Chapter 8 is one of the shortest in this book because, compared to some of the other time scales, this one was relatively simple. The story of the last few hundred million years is the story of our animal ancestors’ evolution and the world they lived in. This is not to say that it was uninteresting! On the contrary, some of the most fundamental aspects of human nature date to this time period.
By 200 million years ago, our ancestors were mammals. They had survived the worst mass extinction of all time, and their bodies were highly adapted to life on land. Evolution was guided by the harsh climate of the post-extinction period, the consolidation of all continents into one grand Pangaea, and the towering presence of dinosaurs. The Mesozoic appearance of fruit trees also greatly shaped our past. Primates are omnivorous, and fruit is a central part of their diet. In fact, small mammals and primates lived in trees for a major part of their history. Fruit trees bear flowers, which attract birds to help them reproduce. This ecological cycle all arose in the past few hundred million years. In a more indirect way, the geology of the Mesozoic Era impacted us with the accumulation of major oil reservoirs.
From the earliest mammals, we inherited our warm-bloodedness, our good sense of hearing, and, damn them, our body fat. Warm-bloodedness was an especially significant and complex trait. It involved the co-evolution of several supporting features, including teeth for chewing, legs for running, and efficient hearts and lungs.
Mammals were unlike any other class of animal. Not only did they give live birth and care for their young, but their brain had reached a new level of complexity with a neocortex. After the dinosaurs went extinct about 70 million years ago, it became a mammal’s world. The mammalian family tree immediately radiated into a multitude of orders, including ours, the primates. In early primate evolution, again a host of traits co-evolved and reinforced each other. By this time, many of the defining traits were mental or behavioral: heightened senses and motor skills, prolonged infancy, emotional bonds, and social group life.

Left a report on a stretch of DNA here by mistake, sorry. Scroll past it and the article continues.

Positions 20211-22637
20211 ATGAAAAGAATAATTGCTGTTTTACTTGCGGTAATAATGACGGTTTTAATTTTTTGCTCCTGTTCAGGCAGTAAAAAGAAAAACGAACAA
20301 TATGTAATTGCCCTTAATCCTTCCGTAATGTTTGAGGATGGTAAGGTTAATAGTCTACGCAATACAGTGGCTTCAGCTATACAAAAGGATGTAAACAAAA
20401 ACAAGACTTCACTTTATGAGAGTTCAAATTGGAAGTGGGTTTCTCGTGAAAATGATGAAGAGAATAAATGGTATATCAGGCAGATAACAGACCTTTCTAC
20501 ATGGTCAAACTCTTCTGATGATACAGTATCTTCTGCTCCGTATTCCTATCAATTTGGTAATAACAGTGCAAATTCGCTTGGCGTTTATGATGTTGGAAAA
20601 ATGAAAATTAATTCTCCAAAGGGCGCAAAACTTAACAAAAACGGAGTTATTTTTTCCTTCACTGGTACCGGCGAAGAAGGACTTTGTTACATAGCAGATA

By the time of the catarrhine primates 35 million years ago, physical features included grasping fingers with opposable thumbs, full color 3D vision, and teeth that your dentist would recognize (well okay, Count Dracula’s dentist). Primate vision and manual dexterity were very demanding on the brain and encouraged an especially advanced neocortex. As young ones took longer to mature, they required more intensive parental care. Mothers stepped up to the plate. The life of a mother became deeply intertwined with the lives of her children, from pregnancy to nursing to supervision and education. The physical states of pregnancy and lactation actually promoted pharmaceutical bonds of love in the brains of mother and child. Early primate fathers probably did not take an active role in child-rearing. There were several models of mating behavior and gender roles, varying from species to species. At this stage of evolution, our ancestors were moderately small monkeys. They ate mostly fruit, leaves, and invertebrates, so there was no hunting activity.
Living in cooperative groups forced the evolution of social intelligence. Monkeys learned to recognize each other’s facial features and expressions. They developed social hierarchies and had to understand how they and their peers ranked within the group. Long before there was wealth or power, there was social status, and primates cared intensely about it. When we gossip with friends or watch reality TV shows, we see human social situations overflowing with drama – the ambition, the power plays, the cheating and the backstabbing! We might shake our heads and wonder what kind of society we live in today. The truth is, it’s nothing new. Not by fifty million years.
Chapter 8 Margin Notes (Blog Posts)
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